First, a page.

Thrilling Thursday – Market Rampaging into the Holiday Weekend

Chinese banks are under increasing stress.

Profits are plunging at the fastest pace in at least a decade, bad debt has hit a record and capital buffers are eroding. Bank executives and analysts predict the damage is likely to continue in the second half of this year.  It’s also of global importance, with behemoths such as Industrial & Commercial Bank of China Ltd., the world’s largest lender by assets, and China Construction Bank Corp. on the global “too-big-to-fail” list.

And, keep in mind that China's GDP is approximately 1/2 of the US or Europe's GDP so those numbers are, relatively, twice as bad as they look in proportion to their economy.  “The government needs to strike a balance between sacrificing the banking sector for the economic recovery and maintaining financial stability,” said May Yan of UBS. “The call for national service from the largest banks can’t go on forever. A weak financial system is very dangerous to the nation.”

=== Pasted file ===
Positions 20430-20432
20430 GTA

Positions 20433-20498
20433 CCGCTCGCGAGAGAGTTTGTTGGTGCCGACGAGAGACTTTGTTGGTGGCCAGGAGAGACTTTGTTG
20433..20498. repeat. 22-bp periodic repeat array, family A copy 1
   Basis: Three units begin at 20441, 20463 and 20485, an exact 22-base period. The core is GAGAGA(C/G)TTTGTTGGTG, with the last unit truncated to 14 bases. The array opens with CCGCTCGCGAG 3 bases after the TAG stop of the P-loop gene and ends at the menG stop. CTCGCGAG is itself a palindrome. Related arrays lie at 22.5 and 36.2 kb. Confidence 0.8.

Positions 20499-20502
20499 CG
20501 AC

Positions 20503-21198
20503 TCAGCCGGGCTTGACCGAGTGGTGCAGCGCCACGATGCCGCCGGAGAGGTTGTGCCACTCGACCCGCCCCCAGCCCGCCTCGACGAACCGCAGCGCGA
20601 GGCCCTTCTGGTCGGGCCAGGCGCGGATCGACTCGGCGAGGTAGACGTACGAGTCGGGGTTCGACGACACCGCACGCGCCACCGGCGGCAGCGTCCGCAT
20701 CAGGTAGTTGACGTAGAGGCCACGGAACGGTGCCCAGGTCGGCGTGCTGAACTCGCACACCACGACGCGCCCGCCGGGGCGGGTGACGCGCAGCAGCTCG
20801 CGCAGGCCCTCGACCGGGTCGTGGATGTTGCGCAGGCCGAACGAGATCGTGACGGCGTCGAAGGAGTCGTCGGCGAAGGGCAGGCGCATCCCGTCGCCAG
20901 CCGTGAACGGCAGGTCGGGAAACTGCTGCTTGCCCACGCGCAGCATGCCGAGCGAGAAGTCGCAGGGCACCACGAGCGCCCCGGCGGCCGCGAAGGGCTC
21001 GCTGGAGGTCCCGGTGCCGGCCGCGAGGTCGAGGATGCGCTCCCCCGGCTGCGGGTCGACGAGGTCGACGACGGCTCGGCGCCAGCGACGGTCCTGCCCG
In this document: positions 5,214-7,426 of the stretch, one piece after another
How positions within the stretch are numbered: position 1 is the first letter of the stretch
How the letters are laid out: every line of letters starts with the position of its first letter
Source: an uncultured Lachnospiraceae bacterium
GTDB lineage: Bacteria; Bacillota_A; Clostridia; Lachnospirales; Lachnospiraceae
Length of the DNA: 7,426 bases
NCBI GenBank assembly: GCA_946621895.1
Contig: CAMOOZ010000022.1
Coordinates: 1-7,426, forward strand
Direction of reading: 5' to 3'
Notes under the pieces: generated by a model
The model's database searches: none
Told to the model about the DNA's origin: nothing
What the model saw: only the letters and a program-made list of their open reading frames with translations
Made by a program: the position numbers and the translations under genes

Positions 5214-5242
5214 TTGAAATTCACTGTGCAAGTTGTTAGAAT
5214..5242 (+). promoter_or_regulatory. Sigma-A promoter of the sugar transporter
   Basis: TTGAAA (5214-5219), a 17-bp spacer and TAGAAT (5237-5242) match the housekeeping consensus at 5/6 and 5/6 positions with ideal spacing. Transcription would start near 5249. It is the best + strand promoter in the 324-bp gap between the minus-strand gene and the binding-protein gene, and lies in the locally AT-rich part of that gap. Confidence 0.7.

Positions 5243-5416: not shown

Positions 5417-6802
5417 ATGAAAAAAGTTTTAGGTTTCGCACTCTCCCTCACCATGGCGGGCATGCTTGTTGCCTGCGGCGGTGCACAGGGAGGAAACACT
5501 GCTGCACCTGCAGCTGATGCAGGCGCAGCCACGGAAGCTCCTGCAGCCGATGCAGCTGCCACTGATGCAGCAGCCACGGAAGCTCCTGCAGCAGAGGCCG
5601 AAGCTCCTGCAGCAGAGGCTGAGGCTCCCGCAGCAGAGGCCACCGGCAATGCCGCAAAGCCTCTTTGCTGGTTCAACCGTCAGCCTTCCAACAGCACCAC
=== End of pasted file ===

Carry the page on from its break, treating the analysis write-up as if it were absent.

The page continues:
Non-performing loans in China in June (last published month) were $395Bn and that has exausted the "Bad Loan Coverage Ratio" which was 3% in 2012 and is now sitting at 0.5% (as of June) and falling fast.  As part of the pandemic response, China has allowed many borrowers to delay interest and principal payments to March next year, which is hiding the true sense of the bad debt bulge.  

Profit at China’s biggest banks declined by at least 10% in the first half from a year earlier, the biggest drop on record as bad loans ballooned. In a worst-case scenario of government pressure, China’s lenders could be guided to lower profits by 20% to 25% in 2020, according to Jefferies analyst Shujin Chen. That will erode capital even further and be a risk to financial stability, she said.

It's not just China that is becoming unstable, of course.  Our own Congressional Budget Office reports that the Federal Budget Deficit will hit $3.3 TRILLION this year, more than is collected in income taxes – so they can double your taxes and we'd STILL be running a deficit!  How do you think that's going to work out?


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